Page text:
• Use multi-factor authentication and a strong and unique password on your account. You should also store the password in a password manager. Consider using a hardware security key to protect your accounts that contain the most PII.
  • Stop downloading third-party apps within a social media platform. If third-party apps have your information, you may not know where or how it’s being stored. It is another place for hackers to get their hands on your valuable social account credentials. Only download applications from recognized stores, such as the Apple App Store, Google Play, and Microsoft Store.
  • Don’t talk to strangers. Isn’t the free exchange of ideas the point of the internet? Maybe it was at one time, but these days, answering a private message from a person who doesn’t have any shared friends with you could be a setup for a phishing scam.

What to Do If Your Instagram Account Gets Hacked

If you believe your Instagram account has been hacked, here are six steps to take.

  1. Check your email account for a message from Instagram. If you received an email from that says your email address was changed, you might be able to undo this change by selecting “revert this change” in that message. If additional information was also changed (like your password), and you’re unable to change back your email address, request a security code from Instagram.
  2. Request a login link from Instagram. To help Instagram confirm that you own the account, you can request that they send a login link to your email address or phone number. To make a request, visit the login screen, and tap Get help logging in (Android) or Forgot password (iPhone).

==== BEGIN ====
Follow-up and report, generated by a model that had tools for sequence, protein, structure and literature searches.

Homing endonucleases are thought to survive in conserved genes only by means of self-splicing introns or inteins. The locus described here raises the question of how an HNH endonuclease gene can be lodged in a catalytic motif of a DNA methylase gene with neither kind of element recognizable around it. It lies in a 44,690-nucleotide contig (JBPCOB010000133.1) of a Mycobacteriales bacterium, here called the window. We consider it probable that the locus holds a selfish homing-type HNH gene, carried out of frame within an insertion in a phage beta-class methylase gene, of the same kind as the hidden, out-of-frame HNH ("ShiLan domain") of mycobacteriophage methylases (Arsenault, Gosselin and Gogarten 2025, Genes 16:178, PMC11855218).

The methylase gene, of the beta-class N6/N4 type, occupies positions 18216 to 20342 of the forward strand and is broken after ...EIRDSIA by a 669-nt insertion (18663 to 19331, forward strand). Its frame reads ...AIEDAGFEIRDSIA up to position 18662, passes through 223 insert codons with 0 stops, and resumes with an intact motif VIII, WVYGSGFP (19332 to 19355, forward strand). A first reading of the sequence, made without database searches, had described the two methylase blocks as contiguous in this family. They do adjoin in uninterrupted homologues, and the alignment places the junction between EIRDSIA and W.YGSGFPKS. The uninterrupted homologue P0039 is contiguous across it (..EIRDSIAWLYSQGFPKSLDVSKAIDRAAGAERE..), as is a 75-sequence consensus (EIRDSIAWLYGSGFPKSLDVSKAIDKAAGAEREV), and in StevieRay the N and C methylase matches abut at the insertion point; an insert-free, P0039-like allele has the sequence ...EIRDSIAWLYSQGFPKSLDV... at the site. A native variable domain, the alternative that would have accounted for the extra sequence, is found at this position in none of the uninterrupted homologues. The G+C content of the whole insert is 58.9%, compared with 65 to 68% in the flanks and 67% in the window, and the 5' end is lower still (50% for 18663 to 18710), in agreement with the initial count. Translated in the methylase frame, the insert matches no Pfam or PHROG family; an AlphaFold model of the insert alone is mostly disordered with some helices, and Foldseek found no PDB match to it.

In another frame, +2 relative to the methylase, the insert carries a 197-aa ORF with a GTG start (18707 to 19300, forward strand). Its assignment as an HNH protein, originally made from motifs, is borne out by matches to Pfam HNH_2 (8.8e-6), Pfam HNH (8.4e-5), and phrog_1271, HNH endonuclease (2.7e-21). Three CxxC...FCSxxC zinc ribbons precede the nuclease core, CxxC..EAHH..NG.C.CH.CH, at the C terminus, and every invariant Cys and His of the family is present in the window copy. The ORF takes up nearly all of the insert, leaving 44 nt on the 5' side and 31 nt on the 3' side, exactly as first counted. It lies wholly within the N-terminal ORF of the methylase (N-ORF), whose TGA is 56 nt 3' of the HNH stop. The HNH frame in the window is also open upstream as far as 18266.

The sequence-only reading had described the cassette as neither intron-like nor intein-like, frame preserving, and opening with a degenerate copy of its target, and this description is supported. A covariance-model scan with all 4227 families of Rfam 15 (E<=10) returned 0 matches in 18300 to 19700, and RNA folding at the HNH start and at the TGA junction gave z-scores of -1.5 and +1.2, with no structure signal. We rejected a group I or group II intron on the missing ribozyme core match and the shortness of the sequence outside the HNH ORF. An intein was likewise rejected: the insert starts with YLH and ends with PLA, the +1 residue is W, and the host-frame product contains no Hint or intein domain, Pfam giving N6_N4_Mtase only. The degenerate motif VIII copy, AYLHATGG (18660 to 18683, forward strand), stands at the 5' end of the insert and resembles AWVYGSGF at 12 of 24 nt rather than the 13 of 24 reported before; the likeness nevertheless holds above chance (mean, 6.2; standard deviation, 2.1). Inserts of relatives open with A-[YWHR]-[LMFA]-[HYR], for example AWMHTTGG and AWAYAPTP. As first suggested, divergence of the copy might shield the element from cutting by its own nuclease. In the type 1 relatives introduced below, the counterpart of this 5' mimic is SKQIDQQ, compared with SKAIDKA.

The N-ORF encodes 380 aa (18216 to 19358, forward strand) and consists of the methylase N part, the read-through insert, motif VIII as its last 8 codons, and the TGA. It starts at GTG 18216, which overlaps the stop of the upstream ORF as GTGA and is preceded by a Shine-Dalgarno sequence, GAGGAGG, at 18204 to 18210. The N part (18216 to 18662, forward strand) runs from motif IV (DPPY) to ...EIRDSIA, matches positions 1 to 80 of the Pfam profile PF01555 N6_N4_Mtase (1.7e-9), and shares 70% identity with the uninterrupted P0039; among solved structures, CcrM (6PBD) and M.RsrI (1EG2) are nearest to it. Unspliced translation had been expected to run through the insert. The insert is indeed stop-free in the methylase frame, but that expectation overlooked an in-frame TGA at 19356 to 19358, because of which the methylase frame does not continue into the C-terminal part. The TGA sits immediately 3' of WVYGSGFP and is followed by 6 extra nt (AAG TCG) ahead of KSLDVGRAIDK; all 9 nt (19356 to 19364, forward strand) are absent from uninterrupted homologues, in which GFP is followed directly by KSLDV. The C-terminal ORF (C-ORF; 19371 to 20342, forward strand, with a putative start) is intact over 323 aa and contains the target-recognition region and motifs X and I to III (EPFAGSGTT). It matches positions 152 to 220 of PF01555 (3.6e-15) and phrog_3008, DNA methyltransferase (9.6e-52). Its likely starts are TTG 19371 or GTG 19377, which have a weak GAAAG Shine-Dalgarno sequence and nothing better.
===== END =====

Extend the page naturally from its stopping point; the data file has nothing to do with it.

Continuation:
3. Enter the username, email address, or phone number associated with your account, then tap Next. If you don’t know the username, email address, or phone number associated with your account, tap “Need more help?” and follow the on-screen instructions.
  4. Select either your email address or phone number, then select Send Login Link.
  5. Click the login link in your email or a text message (SMS) and follow the on-screen instructions.
  6. Request a security code or support from Instagram. If you’re unable to recover your account with the login link sent to you, you may be able to request support for your hacked Instagram account. For more information on how to do this, visit Instagram’s Help Center for step-by-step instructions.
Scammers Are Interviewing for Remote Jobs Using Deepfake Tech

From PCMag

Scammers have been exploiting deepfake technology to impersonate job candidates during interviews for remote positions, according to the FBI. 

The agency has recently seen an increase in the number of complaints about the scam, the FBI said in a public advisory(Opens in a new window) on Tuesday. Fraudsters have been using both deepfakes and personal identifying information stolen from victims to dupe employers into hiring them for remote jobs. 

Deepfakes involve using AI-powered programs to create realistic but phony media of a person. In the video realm, the technology can be used to swap in a celebrity’s face onto someone else’s body. On the audio front, the programs can clone a person’s voice, which can then be manipulated to say whatever you’d like. 

The technology is already being used in YouTube videos to entertaining effect(Opens in a new window). However, the FBI’s advisory shows deepfakes are also fueling identity theft schemes. “Complaints report the use of voice spoofing, or potentially voice deepfakes, during online interviews of the potential applicants,” the FBI says. 

The scammers have been using the technology to apply for remote or work-from-home jobs from IT companies. The FBI didn’t clearly state what the scammers’ end goal. But the agency noted, “some reported positions include access to customer PII (personal identifying information), financial data, corporate IT databases and/or proprietary information.”